• Utilize the Employment for Refugee Women fact sheet or podcast for reference. If using the podcast, the fact sheet can serve as a transcript for the interpreter.
  • If the group is smaller or more reserved, you may elect to have them mark their answers on a piece of paper independently.
  • If conducting the session online, you can use the tools provided by the online platform like annotation tools to complete the activity.

Goals and Employment

This activity is ideal for exploring how employment contributes to achieving participant goals. Use in-person or virtually.

  1. Share the Employment for Refugee Women fact sheet or podcast (available in multiple languages), or provide it as review material before or after the session.
  2. Ask participants to think about their goals (either as individuals or for their families, or both), both short-term and long-term.
  3. Have participants share their goals.
  4. Ask the following debrief questions:
    • How does having a job contribute to achieving your goals?
    • How do other family members having a job contribute to you achieving these goals?
    • What are some consequences of not having a job?

  • This activity can be treated as a broad discussion of goals or integrated into existing activities around goals.
  • Based on education and literacy, it also may be valuable to facilitate additional activities before going directly into goal setting.
  • Depending on participants and time, you may have them write their goals or depict them visually.

Employment Scenarios

This activity is ideal for discussing the importance of multiple members of the family working. Use in-person or virtually.

  1. Start by asking participants: What are the advantages of women working? What are the advantages of men working? Other members of the family?
  2. After collecting responses, ask participants to compare and contrast the answers. Ask them about potential disadvantages for men working? For women? Other members of the family?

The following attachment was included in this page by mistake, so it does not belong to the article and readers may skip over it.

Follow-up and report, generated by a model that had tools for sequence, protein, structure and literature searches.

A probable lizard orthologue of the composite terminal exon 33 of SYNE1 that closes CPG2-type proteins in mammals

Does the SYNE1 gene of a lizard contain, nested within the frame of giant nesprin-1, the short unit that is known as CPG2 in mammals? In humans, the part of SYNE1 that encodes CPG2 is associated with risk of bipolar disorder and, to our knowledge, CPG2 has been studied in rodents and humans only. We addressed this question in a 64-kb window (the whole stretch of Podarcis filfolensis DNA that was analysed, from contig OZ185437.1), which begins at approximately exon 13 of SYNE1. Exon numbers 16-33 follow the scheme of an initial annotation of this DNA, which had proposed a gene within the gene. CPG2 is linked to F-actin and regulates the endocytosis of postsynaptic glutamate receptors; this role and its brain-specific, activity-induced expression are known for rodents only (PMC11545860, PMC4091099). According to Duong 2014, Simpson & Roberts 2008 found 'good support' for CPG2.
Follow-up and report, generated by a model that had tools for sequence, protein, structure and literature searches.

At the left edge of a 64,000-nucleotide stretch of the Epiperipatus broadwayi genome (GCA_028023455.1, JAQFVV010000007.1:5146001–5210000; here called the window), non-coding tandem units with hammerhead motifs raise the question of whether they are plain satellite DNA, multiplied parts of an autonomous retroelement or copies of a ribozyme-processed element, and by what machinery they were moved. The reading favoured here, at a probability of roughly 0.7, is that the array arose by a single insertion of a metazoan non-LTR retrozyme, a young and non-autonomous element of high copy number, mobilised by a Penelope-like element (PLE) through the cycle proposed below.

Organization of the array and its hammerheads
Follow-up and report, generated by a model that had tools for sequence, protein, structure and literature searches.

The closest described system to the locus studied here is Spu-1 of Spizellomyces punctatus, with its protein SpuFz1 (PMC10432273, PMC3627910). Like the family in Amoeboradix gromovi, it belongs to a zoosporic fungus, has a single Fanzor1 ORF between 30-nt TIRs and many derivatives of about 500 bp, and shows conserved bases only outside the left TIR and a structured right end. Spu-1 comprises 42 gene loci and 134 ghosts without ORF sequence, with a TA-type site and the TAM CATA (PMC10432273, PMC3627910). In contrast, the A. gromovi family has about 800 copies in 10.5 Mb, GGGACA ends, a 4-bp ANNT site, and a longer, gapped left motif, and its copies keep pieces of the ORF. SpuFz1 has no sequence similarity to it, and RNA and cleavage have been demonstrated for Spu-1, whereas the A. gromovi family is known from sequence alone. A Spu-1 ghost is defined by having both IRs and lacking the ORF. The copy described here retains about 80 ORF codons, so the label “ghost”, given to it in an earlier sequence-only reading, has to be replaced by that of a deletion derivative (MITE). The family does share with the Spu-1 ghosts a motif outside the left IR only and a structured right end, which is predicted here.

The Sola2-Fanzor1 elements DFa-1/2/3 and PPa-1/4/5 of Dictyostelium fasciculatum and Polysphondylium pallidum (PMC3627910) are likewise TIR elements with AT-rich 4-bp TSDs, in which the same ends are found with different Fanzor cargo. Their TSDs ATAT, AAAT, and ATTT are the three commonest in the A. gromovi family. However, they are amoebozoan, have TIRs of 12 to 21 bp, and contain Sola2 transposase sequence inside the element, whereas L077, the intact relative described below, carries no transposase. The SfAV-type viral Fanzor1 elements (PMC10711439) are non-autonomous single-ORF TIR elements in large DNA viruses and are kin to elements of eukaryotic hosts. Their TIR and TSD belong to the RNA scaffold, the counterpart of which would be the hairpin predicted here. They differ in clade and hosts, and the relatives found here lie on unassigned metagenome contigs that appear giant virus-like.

3. Provide participants with different scenarios and either guide them through the discussion points, or have the participants work in groups to respond (again depending on the group and the participants’ abilities and level).
  4. Review responses of the scenarios together.
  5. If time allows, share and review the Employment for Refugee Women video.

  • You can adapt and alter scenarios to best fit the context for the group of participants.

Self-Sufficiency using the Settle In app

This activity is ideal for covering key concepts of self-sufficiency and employment, while integrating digital technology. Use in-person or virtually.

  1. Ask participants to define the term self-sufficiency. Explain to participants that self-sufficiency is the ability to provide for oneself and is important for integration in the U.S.
  2. Access Settle In (available in multiple languages) either through the mobile or desktop app.
  3. Open the “Working in the United States” chapter of Settle In and then select the lesson: Self-Sufficiency.
  4. Before participants complete the lesson on Settle In, ask them to predict what information they might learn in this lesson. Record the responses.
  5. Work with participants and coach participants on completing the lesson. Have participants complete the actions collectively using one desktop or have participants work in pairs or individually to complete the lesson on tablets and/or smartphones. As appropriate, monitor progress and assist participants as needed in navigating the technology.
  6. Compare their predictions with what they actually learned in completing the lesson.

  • Computer or other digital device for using the Settle In app. If using desktop, access to reliable WiFi

  • Based on participants’ digital abilities and digital access, you can have participants complete the chapter and lesson either before class to help generate discussion or after class as a review.